Before we get to this week’s dances, a necessary note: I am obsessed with guest-judge Paula Abdul and can’t help if my judgment last night was altered thanks to her presence. She’s PAULA, y’all. Forever your girl in ’88, spellbinding you in ’91, and throttling you with sex appeal and bandleader jackets forever after. And get this, I also love this week’s other guest judge Erin Andrews — one of the underrated smart ladies of broadcasting. Hell yes to this unlikely duo of visitors. Cue up “Opposites Attract” and let these skat kats jam.
Amy and Fik-Shun: I Sense Frik-Shun
If you’re a longtime reader of my
slobbering insightful SYTYCD critiques, you’re aware that I was obsessed with last year’s self-proclaimed ninja Cole Horibe and his partner, miniature Maureen McCormick doll Lindsay Arnold. Their best routine as a red-lit, devious paso doble that transcended melodrama and conjured actual intensity and sexuality. It was hot. From both sides. Amy and Fik-Shun essentially performed a tribute to that moment (complete with black S&M toreador vestments), and frontrunner Amy delivered in her bold throes and motions. Fik-Shun, however, is becoming a problem for me. The judges rightfully laud how well he’s taking to different dance styles and politely chide him for tensing his shoulders, but there are some other obvious issues here. For instance: the dopey smirk he wore the entire performance while his partner dished out grande dame emotionality. Fik-Shun’s blankness took me out of this routine, and thus, Cole is still my sweaty bull-taming tempster of choice.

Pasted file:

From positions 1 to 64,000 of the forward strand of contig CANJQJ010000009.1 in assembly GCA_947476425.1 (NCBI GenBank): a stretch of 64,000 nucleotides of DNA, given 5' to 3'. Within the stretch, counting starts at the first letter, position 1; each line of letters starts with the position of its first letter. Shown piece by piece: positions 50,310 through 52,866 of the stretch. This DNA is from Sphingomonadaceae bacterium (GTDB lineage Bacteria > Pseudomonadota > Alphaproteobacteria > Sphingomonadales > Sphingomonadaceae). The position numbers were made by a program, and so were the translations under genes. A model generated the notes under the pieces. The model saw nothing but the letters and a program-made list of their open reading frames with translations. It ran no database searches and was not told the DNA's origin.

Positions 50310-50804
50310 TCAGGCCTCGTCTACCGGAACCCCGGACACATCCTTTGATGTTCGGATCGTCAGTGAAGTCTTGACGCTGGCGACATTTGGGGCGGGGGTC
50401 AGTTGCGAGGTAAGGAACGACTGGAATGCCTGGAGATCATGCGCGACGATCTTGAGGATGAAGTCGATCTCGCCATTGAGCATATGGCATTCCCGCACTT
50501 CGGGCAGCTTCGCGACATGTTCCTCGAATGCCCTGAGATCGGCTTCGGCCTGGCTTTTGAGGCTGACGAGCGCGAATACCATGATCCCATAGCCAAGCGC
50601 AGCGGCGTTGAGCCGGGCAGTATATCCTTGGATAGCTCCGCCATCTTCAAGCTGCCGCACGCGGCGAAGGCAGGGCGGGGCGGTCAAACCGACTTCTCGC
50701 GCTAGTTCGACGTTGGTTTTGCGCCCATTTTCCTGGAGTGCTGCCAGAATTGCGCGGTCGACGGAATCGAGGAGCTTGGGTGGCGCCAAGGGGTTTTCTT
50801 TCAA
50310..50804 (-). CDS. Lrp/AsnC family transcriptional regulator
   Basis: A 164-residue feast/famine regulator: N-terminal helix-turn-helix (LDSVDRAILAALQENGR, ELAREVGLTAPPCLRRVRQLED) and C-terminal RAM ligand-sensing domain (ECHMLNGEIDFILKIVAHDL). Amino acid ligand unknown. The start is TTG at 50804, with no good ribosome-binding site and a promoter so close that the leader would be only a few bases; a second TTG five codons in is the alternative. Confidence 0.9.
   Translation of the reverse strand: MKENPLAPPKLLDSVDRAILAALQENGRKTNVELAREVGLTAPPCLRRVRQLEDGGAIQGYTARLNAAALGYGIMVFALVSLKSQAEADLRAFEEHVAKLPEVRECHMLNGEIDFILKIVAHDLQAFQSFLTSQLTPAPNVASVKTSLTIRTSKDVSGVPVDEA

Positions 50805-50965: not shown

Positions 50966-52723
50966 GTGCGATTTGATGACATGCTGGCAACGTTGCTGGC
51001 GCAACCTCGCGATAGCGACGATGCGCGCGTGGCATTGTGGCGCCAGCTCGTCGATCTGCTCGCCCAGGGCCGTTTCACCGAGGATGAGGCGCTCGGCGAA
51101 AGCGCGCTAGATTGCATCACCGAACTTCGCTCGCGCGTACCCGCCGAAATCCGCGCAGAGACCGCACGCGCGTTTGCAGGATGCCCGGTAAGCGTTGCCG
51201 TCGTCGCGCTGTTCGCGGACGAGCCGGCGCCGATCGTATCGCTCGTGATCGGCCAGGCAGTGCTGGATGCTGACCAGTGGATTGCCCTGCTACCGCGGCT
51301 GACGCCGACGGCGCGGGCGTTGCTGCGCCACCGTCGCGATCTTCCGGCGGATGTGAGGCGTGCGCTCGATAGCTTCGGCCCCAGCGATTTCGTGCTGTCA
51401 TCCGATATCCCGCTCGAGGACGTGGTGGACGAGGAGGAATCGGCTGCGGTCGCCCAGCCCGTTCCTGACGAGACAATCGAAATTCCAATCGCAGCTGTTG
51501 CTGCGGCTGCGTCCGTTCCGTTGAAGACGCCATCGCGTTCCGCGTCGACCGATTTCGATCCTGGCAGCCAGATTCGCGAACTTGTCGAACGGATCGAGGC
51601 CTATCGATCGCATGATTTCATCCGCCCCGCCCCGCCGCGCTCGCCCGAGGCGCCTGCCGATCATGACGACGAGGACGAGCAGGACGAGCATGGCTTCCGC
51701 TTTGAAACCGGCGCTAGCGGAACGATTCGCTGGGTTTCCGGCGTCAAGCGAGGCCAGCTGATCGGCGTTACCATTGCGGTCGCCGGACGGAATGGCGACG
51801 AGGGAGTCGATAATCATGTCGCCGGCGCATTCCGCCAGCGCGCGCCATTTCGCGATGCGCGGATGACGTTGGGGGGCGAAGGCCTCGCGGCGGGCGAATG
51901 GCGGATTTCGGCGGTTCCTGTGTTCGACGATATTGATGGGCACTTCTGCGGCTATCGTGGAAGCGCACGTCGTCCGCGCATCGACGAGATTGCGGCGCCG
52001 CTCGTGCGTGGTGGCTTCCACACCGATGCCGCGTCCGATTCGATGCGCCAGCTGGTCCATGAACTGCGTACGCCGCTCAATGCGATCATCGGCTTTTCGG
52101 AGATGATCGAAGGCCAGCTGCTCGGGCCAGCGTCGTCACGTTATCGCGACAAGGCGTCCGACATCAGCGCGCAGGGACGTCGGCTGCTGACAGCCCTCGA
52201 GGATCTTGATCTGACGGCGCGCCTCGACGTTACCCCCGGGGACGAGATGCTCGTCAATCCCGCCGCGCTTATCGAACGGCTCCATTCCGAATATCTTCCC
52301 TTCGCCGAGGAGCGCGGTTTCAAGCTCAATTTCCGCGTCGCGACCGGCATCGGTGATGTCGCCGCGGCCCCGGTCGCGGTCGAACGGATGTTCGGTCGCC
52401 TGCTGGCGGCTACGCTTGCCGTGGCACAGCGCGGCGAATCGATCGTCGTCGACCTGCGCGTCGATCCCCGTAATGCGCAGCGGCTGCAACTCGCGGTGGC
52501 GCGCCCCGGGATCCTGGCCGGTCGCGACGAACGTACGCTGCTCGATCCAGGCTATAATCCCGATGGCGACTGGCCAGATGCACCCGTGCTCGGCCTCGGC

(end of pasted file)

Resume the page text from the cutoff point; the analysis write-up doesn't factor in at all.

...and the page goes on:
Jasmine H and Aaron: Hilty Verdict
So weird to hear a Smash soundtrack contribution on this show. I want to see a krump routine performed to the heavy, lacquered swishes of Anjelica Huston’s hair. While Broadway routines usually annoy the hell out of me, I found this performance quite graceful and captivating. I effing love Jasmine H. Luh-huvvvvv. Her legs jolt in perfect vertical splits almost on accident. Anyhow: Lots of flying happened in this adorable number, and we didn’t even need Katharine McPhee’s sulking to understand it. This was some “Rush, Rush” majesty, to put it in Paula terms – – though Aaron looks like he could piledrive Keanu Reeves and jump back into a pirouette without a second thought.
Malece and veteran Marco (replacing Jade): Behind, Next To, And In Front Of The Candelabra